By early 1994, Whittle claimed that 12,000 schools with more than 8 million students received Channel One.5 Schools that sign up get free use of about $50,000 in video equipment, including TV sets, VCRs, and a satellite dish. In return, schools promise that at least 90% of their students will watch the whole broadcast, including commercials, every day. That kind of captive audience allows Whittle to charge advertisers staggering rates — reportedly $157,000 per showing of an average 30-second commercial.6

    The high rates don’t deter major food companies, who are forever seeking new ways to reach the teenage market. Channel One has carried ads for Bubblicious gum, Skittles, Gatorade, Fritos, M&M’s, Snickers bars, Burger King, and Cheetos.

    New York has banned Channel One from the public schools. Other states, including California, have vigorously opposed it. And most major educational organizations, including the National Education Association and the National Association of Secondary School Principals, have come out strongly against it.

    “The classroom and the curriculum are intended to be a marketplace for ideas, not a marketplace for someone’s products and services,” said Gary Marx, associate executive director of the American Association of School Administrators. “We simply cannot tolerate the exploitation of students who are a captive audience in the classroom.”
  • Sponsoring label-collection projects. A growing number of food companies are asking schools to pressure students to eat their products. In January 1990, Procter & Gamble offered elementary schools money for Jif peanut butter labels collected by their students. The company gave schools a dime for each pound of Jif. Procter & Gamble blanketed the nation with magazine ads proclaiming: “The more you buy, the more we’ll give to America’s schools.” Nearly one-third of the nation’s elementary schools signed up to participate, according to Consumers Union.7

    Campbell Soup sponsored a similar program. It gave schools a variety of equipment in exchange for Campbell labels.8 A Kool-Aid program urged kids to save proof-of-purchase seals to earn computer equipment for their schools.9
  • Donating goods or equipment in exchange for getting a product into schools. This is the most crass quid pro quo, a direct trade of student health for equipment. Soft-drink companies are particularly fond of these deals. Pepsi, for example, will give an electronic scoreboard or free Pepsi for an “alcohol-free” prom night if a school will install a Pepsi vending machine. Coke also offers scoreboards in exchange for the right to install a vending machine. In some cases, Coke and Pepsi agree to give schools a percentage of their profits.10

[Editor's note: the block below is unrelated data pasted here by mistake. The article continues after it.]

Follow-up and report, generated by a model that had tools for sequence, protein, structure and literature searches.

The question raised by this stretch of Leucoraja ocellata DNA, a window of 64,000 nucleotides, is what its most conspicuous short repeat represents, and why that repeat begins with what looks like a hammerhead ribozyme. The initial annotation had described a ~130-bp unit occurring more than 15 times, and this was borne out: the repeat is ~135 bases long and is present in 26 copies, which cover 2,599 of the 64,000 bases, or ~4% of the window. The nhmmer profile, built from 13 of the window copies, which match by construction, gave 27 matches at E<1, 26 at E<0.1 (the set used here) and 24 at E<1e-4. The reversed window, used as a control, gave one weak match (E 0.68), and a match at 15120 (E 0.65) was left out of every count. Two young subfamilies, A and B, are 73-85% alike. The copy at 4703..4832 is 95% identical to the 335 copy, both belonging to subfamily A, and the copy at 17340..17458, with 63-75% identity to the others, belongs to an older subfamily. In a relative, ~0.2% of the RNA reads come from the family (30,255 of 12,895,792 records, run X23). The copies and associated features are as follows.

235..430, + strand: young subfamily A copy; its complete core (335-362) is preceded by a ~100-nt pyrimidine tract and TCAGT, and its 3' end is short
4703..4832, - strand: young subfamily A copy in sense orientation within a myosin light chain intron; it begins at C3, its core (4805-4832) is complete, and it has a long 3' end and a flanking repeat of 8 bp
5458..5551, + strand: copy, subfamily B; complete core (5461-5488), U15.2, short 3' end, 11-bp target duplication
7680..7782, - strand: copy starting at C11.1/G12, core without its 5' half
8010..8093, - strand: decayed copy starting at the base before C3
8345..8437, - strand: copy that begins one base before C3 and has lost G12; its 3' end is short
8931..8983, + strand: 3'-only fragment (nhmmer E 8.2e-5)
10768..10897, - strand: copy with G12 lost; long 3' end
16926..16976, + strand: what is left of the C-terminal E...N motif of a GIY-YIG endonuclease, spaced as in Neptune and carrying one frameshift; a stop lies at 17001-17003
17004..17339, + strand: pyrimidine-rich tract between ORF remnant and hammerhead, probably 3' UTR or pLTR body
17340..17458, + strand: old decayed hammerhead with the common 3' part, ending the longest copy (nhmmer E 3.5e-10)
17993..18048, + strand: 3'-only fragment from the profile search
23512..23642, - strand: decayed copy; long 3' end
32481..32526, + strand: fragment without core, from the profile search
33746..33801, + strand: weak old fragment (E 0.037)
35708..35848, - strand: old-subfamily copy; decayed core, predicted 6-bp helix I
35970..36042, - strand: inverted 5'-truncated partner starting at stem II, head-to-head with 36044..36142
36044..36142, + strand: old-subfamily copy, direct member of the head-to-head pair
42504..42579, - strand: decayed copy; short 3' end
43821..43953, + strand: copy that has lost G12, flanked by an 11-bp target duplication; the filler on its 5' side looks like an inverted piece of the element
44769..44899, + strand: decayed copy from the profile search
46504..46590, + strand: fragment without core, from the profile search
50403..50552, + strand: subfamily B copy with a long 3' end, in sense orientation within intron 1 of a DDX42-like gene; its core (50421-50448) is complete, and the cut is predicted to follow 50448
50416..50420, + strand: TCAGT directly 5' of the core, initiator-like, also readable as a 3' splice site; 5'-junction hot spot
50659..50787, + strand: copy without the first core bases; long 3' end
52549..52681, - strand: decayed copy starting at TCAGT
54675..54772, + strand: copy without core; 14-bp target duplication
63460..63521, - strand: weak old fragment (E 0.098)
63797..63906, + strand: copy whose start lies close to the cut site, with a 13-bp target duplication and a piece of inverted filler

It may be too much to expect food companies and producer groups to stop promoting their products via samples, advertising, and exchanges, let alone to publish materials describing the dangers of eating foods they sell. But if they won’t produce complete, accurate publications, schools shouldn’t use the materials. Especially not when several respected organizations — including the American Health Foundation and the American Cancer Society — are producing lively, up-to-date, factual nutrition materials for classroom use.

The underlying problem is that schools receive inadequate public funding. Food companies and other firms are all too happy to help fill this gap. If the school cafeteria is losing money at lunch, Pizza Hut leaps in to save the day. If schools lack the funds for sound nutrition education materials, companies flood them with self-serving propaganda.

This funding gap puts great pressure on schools to give in to commercial influences. There aren’t any signs that schools’ financial problems will lessen in coming years. Thus, the fight to keep them untainted by commercial pressures will surely heat up.

“As funding becomes tighter, there’s certainly the possibility that more entrepreneurs will view schools as a prime market,” said Lew Armistead, a spokesman for the National Association of Secondary School Principals. “Schools are going to have to decide as a community how they’re going to deal with it.”

This article was adapted from the authors’ new book, What Are We Feeding Our Kids? (New York: Workman, 1994). Jacobson is the executive director of the Center for Science in the Public Interest. Maxwell is a journalist whose work has appeared in Parenting, Mother Jones, and other publications.


  1. “Healthy by Choice: The Minnesota Plan for Nutrition and Health,” Minnesota Department of Health (December 1986), 134.
  2. Student booklet, “Smart Moves for Your Health,” National Dairy Council (1990), 6.
  3. Laurie Petersen, “Risky Business: Marketers Make a Beeline for The Nation’s Schools,” Adweek’s Marketing Week, May 14, 1990, 20.
  4. Dave Wellman, “Shopping Styles of the Young and Food-Conscious,” Food & Beverage Marketing(March 1989), 19.
  5. Greg Farrell, “The Education of Joel Babbitt,” Adweek, October 4, 1993, 26.
  6. Walecia Konrad, “How Good Is Attendance in Chris Whittle’s Class?” Business Week, January 27, 1992, 103.
  7. “Risky Business,” 21.
  8. Selling America’s Kids: Commercial Pressures on Kids of the 90’s, Consumers Union (1990), 11.
  9. “Risky Business,” 21.
  10. Selling America’s Kids, 11.